The National Electricity Market is the spot market where the supply of electricity and the demand for electricity by consumers is matched. It’s where electricity retailers buy from. Generators supply the market with electricity and respond by submitting offers for supply every five minutes, every day. The meeting of supply and demand determines the spot price every half hour. It’s a commodity like water, lentils and many other inputs on the average farm. Below, you’ll see this in action during the last 12 months in Victoria.

A quick overview for September

The wholesale spot market in September saw power demand levels stay consistent compared to this time last year, the milder than average weather conditions in Victoria and SA, meant lower demand in those states.

In September, weather conditions were warmer and drier than average across the northern states, with areas of Queensland and NSW setting temperature records, including Queensland’s second-warmest September on record. The hot conditions in Queensland at the end of the month saw a new half-hourly demand peak over 500MW higher than the previous peak set in 2016.

Key influences of electricity spot market outcomes in September included supply-side factors, such as; planned and unplanned outages at coal-fired power stations in NSW and Queensland, higher wind generation resulting in less gas-fired generation in SA, and a stronger run of river hydro output in Tasmania due to good rainfall.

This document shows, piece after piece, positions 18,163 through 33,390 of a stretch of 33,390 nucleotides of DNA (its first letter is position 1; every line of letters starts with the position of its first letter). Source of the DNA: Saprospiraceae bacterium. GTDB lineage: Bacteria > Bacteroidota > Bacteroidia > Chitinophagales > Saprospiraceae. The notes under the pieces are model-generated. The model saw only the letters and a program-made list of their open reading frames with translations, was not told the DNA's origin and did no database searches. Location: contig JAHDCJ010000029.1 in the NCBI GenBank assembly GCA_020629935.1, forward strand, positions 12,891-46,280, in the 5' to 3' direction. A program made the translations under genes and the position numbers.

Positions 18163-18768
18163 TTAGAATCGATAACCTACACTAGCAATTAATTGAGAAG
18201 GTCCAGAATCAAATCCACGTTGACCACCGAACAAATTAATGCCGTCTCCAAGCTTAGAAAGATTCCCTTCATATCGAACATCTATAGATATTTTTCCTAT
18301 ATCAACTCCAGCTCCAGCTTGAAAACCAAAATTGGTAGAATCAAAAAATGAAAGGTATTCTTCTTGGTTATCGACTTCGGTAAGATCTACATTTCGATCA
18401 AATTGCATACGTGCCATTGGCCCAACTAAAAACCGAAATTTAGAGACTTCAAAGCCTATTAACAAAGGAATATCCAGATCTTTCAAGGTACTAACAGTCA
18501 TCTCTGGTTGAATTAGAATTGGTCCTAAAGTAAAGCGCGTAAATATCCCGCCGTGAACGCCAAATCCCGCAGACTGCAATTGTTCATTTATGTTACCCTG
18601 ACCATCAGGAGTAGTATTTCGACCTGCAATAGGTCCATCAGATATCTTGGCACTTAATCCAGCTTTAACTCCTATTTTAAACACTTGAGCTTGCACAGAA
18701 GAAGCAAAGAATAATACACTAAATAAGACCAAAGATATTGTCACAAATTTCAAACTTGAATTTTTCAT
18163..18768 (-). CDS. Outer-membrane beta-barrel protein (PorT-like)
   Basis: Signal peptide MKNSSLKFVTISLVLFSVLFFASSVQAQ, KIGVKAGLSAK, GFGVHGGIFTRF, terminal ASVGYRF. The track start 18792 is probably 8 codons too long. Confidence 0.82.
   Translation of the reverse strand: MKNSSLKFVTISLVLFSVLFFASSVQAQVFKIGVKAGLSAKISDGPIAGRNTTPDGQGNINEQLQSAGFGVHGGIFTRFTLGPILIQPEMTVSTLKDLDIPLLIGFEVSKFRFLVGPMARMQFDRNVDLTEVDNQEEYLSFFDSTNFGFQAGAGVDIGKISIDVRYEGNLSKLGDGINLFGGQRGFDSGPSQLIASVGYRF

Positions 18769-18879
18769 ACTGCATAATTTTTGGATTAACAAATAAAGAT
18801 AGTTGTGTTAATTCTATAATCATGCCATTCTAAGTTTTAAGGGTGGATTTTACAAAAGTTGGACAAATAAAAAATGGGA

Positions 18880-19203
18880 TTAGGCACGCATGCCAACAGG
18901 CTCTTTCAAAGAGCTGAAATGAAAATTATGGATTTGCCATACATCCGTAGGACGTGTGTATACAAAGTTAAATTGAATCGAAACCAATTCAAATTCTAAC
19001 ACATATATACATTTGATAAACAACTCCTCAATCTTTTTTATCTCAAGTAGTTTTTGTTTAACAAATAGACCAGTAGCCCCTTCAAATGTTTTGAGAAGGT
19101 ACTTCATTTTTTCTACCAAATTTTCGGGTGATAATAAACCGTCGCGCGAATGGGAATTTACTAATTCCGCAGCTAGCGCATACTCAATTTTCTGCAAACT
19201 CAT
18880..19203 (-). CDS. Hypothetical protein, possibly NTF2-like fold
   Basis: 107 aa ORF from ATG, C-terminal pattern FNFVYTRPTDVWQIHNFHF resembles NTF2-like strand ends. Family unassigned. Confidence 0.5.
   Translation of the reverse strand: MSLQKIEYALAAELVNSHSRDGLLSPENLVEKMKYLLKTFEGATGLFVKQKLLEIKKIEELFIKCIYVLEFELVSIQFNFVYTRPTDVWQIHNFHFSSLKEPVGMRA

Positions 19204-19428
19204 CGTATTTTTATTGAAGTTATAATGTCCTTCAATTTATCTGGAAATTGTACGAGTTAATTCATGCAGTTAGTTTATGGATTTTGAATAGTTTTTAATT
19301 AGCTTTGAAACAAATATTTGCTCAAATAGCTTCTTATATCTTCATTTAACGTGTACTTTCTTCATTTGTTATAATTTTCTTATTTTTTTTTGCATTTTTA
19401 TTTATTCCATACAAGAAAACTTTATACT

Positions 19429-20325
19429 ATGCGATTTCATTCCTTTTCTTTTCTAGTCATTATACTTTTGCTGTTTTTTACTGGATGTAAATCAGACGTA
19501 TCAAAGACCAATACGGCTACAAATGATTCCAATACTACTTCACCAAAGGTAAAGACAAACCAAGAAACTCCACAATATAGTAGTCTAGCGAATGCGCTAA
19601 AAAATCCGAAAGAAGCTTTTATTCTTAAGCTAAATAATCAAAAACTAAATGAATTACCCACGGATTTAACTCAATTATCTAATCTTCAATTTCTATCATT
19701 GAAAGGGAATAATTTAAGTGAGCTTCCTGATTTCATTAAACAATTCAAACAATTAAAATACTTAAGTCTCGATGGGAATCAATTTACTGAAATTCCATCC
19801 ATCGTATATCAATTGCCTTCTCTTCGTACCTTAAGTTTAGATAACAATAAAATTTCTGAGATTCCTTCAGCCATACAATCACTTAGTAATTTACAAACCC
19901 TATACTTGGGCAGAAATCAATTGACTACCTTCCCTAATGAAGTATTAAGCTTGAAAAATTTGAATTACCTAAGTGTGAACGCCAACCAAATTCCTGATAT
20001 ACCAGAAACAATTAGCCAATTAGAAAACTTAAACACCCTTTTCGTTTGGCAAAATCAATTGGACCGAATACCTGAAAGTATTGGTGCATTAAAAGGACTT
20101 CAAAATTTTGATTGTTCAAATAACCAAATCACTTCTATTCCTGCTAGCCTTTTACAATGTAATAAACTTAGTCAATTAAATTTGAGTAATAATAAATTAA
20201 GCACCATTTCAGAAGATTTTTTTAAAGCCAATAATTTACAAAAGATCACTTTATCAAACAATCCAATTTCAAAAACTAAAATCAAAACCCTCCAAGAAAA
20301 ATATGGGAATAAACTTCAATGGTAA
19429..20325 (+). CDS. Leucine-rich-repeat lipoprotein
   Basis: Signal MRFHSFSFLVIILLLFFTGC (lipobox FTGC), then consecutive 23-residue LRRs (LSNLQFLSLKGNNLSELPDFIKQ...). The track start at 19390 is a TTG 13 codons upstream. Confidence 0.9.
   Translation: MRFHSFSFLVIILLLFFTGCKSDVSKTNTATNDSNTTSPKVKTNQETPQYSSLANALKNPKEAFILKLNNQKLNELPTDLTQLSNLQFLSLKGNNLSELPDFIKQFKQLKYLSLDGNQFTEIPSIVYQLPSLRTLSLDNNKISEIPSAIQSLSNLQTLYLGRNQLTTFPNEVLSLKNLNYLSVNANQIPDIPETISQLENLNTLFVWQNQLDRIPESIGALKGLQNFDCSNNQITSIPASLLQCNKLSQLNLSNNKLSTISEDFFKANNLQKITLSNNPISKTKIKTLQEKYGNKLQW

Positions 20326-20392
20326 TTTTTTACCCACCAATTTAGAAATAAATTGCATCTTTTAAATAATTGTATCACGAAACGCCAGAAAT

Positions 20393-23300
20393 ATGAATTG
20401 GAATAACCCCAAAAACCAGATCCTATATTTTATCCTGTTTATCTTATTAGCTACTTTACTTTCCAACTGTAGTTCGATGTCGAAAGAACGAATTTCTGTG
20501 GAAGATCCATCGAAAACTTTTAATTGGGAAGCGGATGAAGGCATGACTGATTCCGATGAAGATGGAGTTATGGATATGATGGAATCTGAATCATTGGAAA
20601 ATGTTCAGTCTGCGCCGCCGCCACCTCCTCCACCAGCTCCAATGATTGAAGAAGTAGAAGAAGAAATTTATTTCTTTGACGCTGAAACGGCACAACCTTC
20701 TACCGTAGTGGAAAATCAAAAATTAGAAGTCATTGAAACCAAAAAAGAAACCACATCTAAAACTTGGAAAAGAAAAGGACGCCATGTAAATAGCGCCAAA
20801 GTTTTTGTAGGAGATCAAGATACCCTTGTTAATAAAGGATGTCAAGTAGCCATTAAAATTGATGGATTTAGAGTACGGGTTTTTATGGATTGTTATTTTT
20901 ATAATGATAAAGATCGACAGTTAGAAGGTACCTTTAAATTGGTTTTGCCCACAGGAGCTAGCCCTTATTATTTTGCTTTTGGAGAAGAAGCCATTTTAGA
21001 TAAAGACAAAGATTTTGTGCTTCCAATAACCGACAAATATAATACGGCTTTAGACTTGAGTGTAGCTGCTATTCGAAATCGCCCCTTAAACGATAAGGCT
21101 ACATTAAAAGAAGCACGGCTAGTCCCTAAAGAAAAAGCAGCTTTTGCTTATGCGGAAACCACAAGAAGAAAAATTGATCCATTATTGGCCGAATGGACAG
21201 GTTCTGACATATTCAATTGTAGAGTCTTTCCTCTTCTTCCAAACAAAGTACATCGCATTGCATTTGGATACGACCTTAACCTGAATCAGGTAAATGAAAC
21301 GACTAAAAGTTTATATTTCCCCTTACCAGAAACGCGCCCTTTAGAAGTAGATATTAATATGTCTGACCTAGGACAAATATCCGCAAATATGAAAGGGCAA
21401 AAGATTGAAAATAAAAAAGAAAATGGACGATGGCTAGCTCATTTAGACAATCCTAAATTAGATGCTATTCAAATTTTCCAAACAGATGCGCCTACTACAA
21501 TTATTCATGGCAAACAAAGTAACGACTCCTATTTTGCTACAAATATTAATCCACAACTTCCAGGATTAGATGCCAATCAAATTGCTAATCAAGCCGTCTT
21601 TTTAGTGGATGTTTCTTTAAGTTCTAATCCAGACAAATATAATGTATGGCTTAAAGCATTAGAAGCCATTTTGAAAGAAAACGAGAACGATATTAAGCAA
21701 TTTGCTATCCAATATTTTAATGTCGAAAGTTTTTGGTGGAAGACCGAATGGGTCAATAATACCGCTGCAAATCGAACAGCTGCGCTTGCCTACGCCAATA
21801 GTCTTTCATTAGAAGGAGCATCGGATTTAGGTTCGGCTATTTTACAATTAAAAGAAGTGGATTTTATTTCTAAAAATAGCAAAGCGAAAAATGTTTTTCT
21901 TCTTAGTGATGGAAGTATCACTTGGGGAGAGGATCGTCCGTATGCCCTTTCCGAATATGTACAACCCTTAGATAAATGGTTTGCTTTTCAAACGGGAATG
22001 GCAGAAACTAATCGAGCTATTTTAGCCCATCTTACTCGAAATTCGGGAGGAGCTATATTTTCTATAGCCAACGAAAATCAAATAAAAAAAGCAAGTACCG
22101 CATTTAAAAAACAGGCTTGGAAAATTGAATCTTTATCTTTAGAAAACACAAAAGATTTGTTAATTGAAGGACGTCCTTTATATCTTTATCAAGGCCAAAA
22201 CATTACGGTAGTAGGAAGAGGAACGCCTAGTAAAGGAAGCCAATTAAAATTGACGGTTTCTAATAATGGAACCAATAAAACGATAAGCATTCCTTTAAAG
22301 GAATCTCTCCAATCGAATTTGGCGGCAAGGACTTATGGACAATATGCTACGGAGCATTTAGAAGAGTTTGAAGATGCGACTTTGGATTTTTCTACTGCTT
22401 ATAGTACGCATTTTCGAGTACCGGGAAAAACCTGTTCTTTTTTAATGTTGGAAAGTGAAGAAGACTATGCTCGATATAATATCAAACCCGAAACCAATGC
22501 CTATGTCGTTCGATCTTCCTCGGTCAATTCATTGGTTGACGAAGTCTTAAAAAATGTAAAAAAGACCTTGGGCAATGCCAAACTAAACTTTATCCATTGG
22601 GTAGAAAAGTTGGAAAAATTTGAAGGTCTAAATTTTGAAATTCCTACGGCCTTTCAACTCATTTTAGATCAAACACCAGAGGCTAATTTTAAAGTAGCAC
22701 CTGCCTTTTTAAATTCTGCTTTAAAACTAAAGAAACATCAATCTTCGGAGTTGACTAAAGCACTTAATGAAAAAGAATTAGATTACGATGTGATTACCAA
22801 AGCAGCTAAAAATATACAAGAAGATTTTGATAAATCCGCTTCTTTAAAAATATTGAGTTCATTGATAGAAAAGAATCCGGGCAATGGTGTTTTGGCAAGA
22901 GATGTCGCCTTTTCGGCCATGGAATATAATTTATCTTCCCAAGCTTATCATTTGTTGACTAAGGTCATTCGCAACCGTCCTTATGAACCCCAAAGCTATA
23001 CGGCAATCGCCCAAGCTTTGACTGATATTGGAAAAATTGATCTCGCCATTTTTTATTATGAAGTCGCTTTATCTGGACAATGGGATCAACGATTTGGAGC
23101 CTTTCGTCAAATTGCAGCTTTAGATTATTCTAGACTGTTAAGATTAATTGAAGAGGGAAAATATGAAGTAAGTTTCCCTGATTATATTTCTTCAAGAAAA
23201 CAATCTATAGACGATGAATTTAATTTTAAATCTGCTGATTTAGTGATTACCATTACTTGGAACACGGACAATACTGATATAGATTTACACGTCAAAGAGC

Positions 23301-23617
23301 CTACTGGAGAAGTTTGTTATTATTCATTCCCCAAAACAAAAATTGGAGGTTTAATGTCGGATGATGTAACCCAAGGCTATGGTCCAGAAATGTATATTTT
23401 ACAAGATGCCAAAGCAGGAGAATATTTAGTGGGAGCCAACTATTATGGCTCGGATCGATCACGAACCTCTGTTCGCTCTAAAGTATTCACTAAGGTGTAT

Average electricity spot prices in September remained above 8c/kWh in Queensland, as lower demand into spring was offset by less coal-fired supply. NSW prices eased to 8.7c/kWh as the weather turned warmer, while significantly higher wind farm output in the south-eastern states saw Victoria prices fall to 7.9c/kWh and 7.2c/kWh in SA.

Your market outlook

Over coming months, electricity spot market and fixed contract prices will be impacted by several factors. Usually, October is a windy month and gas prices are trending lower so it is reasonable to expect spot prices to sit around 6-8.5c/kWh through to mid-November.

Weather patterns are indicating warmer than average conditions over south-eastern regions of Australia later in the year, so prices could rise mid-November to mid-December. Items to watch during the next quarter will be the NSW black coal generators, the installation of new Tesla/Neoen battery in SA due late November and the beginning of AEMO and ARENAs demand management programs in December.

Buy Better Power

For many years businesses have had no choice but to sign fixed-rate contracts for electricity. But it’s a commodity and it’s traded on a spot market. Flow Power is working with the agricultural sector to give them access to that market. Those who bought wholesale power in the twelve months until August 2017, would have paid prices around 11% below the fixed contract rates.